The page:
Give Your Kid a Hug — a Paper One
Open your lunch box. Peek inside. Surprise! Mom scribbled you a note and drew you a little picture showing you she cares.
As a little girl, Michelle Krouss used to open her brown paper bag to find a little note with a smiley face from her mother, brightening up her day. Now the Jewish mother of two, Krouss created Paper-Hugs, a napkin decorating kit complete with soy crayons and fun stickers for parents who want to start the tradition with their kids.
“Parents work really hard today,” Krouss said. “This is a nice way for parents to connect in the middle of the day, giving their child a hug when they are not with them.”
When her son was in preschool and had a hard time separating from his mommy, Krouss remembers buying generic stickers and decorating napkins for her son to take to school. The comforting notes eased the separation, and that’s when she decided to develop Paper-Hugs for other parents.
Krouss created the concept and recruited her partner, Susan Conwiser, to handle the financials.
Working with a graphic designer, they fashioned creative stickers with messages and notes like, “We’re having your favorite tonight” and “You mean the world to me.” The sticker booklet also has words of encouragement and reminders like, “Good luck on your test” and “Return library book.”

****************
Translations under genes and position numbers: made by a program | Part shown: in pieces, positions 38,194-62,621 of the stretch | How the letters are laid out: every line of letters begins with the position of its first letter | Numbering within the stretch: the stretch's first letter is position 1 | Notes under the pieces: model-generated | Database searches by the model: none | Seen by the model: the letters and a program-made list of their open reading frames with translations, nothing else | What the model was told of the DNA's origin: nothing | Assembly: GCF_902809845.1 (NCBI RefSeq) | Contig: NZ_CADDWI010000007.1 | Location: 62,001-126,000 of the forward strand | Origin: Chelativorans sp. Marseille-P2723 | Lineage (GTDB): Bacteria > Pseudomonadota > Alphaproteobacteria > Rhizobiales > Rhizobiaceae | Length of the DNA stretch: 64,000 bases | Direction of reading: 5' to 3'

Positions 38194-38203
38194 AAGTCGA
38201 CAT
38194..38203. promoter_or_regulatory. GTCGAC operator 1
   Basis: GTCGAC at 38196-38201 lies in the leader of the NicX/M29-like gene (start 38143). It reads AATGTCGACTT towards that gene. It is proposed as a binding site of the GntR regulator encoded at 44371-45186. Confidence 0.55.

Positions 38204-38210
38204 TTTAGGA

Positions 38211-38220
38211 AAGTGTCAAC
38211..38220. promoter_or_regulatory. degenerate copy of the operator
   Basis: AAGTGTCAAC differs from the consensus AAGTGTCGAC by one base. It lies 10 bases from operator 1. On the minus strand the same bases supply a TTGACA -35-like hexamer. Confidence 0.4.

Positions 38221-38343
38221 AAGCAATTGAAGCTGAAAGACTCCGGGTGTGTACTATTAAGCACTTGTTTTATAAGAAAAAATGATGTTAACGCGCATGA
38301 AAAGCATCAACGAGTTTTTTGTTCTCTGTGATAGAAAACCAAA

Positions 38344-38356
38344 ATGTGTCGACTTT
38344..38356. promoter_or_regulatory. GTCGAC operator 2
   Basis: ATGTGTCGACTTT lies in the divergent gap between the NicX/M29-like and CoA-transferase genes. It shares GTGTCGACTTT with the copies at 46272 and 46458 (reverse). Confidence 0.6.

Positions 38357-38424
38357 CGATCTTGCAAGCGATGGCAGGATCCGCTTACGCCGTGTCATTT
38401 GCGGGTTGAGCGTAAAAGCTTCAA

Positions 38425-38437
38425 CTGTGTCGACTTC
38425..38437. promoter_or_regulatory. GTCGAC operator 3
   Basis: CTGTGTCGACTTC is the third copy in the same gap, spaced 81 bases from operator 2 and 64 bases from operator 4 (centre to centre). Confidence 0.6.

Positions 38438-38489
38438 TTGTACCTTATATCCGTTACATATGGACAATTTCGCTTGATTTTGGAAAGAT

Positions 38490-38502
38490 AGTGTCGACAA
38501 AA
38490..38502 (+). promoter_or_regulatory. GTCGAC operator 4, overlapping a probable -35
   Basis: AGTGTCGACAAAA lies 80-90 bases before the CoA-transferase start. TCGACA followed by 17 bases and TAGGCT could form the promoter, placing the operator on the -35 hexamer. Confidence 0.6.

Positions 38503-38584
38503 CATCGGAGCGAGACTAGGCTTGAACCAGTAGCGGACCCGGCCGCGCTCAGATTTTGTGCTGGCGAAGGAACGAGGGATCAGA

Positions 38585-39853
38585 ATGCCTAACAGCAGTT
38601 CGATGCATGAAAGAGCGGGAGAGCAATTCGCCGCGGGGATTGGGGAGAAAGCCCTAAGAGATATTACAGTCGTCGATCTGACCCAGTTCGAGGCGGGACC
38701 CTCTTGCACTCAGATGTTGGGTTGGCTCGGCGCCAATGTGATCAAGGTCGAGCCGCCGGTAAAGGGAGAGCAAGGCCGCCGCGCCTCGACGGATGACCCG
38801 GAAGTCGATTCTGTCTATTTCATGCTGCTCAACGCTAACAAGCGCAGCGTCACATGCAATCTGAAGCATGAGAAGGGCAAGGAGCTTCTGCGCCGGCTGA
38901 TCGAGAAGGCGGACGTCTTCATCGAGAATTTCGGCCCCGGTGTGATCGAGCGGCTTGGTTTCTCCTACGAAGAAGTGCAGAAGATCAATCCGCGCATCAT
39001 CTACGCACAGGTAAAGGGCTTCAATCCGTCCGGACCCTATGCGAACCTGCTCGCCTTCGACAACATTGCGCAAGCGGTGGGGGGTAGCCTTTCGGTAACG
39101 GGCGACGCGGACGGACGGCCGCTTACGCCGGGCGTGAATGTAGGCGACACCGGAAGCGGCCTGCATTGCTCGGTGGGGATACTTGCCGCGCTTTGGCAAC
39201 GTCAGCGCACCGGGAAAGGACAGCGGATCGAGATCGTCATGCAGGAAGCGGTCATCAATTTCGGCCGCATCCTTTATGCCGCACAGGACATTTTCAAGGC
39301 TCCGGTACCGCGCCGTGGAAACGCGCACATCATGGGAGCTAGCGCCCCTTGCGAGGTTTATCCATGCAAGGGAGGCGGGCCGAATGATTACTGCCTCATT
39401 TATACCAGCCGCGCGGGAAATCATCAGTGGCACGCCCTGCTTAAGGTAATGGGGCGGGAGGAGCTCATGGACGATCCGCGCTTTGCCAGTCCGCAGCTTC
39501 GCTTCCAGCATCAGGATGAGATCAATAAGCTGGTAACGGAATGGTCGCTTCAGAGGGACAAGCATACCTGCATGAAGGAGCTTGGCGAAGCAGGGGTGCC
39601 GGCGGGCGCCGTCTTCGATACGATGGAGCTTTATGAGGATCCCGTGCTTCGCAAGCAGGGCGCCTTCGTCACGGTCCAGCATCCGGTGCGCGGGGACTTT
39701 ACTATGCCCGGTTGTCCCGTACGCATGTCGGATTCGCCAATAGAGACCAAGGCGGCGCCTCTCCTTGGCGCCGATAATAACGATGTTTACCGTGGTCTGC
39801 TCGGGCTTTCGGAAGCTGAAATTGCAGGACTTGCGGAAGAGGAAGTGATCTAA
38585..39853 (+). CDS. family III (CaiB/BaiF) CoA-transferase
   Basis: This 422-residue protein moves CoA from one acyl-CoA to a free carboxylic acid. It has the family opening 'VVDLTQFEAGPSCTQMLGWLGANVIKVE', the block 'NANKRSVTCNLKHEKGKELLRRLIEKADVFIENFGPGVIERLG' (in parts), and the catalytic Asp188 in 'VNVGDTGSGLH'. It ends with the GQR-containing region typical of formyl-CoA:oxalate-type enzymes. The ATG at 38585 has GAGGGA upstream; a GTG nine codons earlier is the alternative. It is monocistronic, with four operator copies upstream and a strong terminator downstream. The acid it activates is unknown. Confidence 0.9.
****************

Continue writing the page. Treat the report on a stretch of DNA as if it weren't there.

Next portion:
The kit includes 40 bordered napkins, three crayons and 80 colorful stickers to personalize and send along with your kids a few times a week for up to three months.
With the school kit taking off, Krouss and Conwiser are in the process of developing decorating kits for grandparents and a camp kit for summers.
Krouss’ son, now 9, still gets a Paper-Hug in his lunch box a few times a week. “Don’t do it everyday,” warned his mother, “that way, they are not expecting it.”
Not embarrassed by his mother’s love, her son will read them and tuck them back into his bag and bring it home to mom. “He’ll throw away everything but that napkin,” Krouss said, “and that means a lot.”
With Mother’s Day coming up, a Paper-Hug kit makes a great gift for mom from the younger kids in the family. “It’s different. It’s not a piece of jewelry; it’s something you are giving back to your child,” Krouss said.